I have been heavily criticized by some of my Calvinist friends for saying that my biggest problem with Calvinism (by which I mean consistent divine determinism) is that it makes it difficult for me to tell the difference between God and the devil. (I am not saying Calvinists worship the devil!)

For me nothing about the Christian worldview is more important than regarding God and the devil as absolute competitors in this universe and its tragic history. God is good and desires the good of every creature. As church father Irenaeus said “The glory of God is man fully alive.” The devil is bad and desires harm for every creature. To view the devil as God’s instrument makes a mockery of the entire biblical narrative.

Tuesday, July 14, 2009

Two Views of Regeneration by John Hendyx

I just ran across this little beauty: Two Views of Regeneration, by John Hendryx. I don't know too much about Hendryx, other than that J.C. Thibodaux likes to take him to task. I see why now.

Simply put, Hendryx's representation of Arminian Theology is about the most biased that one will ever run across. His descriptions are worthless for accurately representing what Arminians hold to. These descriptions are not even an accurate representation of Semi-Pelagianism.

Either Hendrix is uninformed, or is completely dishonest. I hope the former. He really needs to read Arminian Theology, by Roger Olson.

Ok, I'm done ranting now. Stuff like this really ticks me off. :)

Monday, July 13, 2009

Interesting Bible Transalation Chart

I ran across this Bible translation chart. I found it helpful in visually explaining the goal of different English translations. The number in parenthesis is the grade level readability. The chart comes from Lion Track Ministries. I can't speak to it's accuracy.

Friday, July 10, 2009

Six Ways Calvin is Better than Arminius

Well, today is the big 5-0-0 for Mr. John Calvin. Although he isn't my favorite theologian, he deserves special recognition in honor of his big day. So I humbly offer six ways that Calvin is better than Arminius.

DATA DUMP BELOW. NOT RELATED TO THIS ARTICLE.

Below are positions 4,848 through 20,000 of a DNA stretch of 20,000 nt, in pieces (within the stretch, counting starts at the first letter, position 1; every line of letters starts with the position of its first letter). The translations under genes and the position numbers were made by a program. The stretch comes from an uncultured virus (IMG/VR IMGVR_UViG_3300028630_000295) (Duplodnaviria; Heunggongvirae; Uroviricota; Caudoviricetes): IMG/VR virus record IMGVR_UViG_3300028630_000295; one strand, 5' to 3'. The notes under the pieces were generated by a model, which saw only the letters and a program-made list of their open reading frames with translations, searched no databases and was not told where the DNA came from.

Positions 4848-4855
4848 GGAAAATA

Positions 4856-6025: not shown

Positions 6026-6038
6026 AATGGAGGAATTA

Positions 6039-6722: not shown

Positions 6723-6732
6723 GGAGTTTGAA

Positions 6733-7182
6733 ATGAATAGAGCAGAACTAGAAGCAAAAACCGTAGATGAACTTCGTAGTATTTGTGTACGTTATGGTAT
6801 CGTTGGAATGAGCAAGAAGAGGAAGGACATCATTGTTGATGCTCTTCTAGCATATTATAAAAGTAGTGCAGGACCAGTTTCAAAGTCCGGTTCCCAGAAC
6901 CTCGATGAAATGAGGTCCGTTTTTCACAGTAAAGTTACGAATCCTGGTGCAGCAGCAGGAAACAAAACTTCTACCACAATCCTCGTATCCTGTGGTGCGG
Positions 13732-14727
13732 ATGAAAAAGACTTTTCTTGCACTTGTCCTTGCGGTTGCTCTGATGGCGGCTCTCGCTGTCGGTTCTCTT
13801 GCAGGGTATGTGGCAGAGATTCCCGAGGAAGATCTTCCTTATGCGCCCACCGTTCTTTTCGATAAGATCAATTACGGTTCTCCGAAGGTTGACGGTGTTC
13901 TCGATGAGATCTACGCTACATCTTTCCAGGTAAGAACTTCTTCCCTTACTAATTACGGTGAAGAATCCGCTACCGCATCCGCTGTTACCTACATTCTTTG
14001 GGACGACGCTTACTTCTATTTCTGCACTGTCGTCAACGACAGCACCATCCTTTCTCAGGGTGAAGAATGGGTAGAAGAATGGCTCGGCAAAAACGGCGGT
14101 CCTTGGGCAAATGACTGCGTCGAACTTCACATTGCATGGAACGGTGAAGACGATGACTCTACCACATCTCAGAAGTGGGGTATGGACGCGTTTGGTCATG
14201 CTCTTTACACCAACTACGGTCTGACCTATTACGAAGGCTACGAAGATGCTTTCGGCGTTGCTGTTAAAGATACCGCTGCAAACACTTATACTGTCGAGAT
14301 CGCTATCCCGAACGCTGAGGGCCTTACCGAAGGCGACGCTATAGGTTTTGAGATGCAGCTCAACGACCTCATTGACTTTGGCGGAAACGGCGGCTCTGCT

Better Name. Calvin is a great sounding name. It's stylish enough to have its own clothing line. Arminius does not role off the tongue, and is too easily confused with a small Asian country.

Sure of Himself. Calvin knew he was right, and never changed his views. Arminius changed his theology over the years. Pretty wishy washy if you ask me.

Better Chess Player. Calvin would smoke Arminius in a game of chess. He would plan his game from beginning to end and execute it to perfection. Arminius would no doubt waste his time worrying about the pawns.

The Beard. Calvin has the way cool Z.Z. Top beard thing going. Arminius' beard is respectable, but nothing to phone home about. As a side note: Z.Z. Top would be executed if they ever showed up in Calvin's Geneva. And rightfully so.

Political Power. Calvin ran his own city-state with an iron fist. Arminius could hardly hold down a job at Leiden.

No Weenie Frill Collar. Calvin has a stylish fur collar. Arminius deserves a butt kicking for his collar. Enough said.

Happy Birthday John Calvin!

Wednesday, July 1, 2009

Interesting Links 07-01-09

Arminian Today is doing a series on different interpretations of Romans 7.

Nick Norelli has a great book review on How to Choose a [Bible] Translation for All It's Worth.

The Road to Rome? Calvinists who have converted to Catholicism.

James White grabs some low hanging fruit.

Have they found the remains of Saint Paul? Maybe.

Ken Schenck has a thought provoking post on the nature of original sin.

Governor Mark Sanford employs the King David defense.

Oy vey! The Israeli Supreme court rules that a Christian Jew can sell kosher food.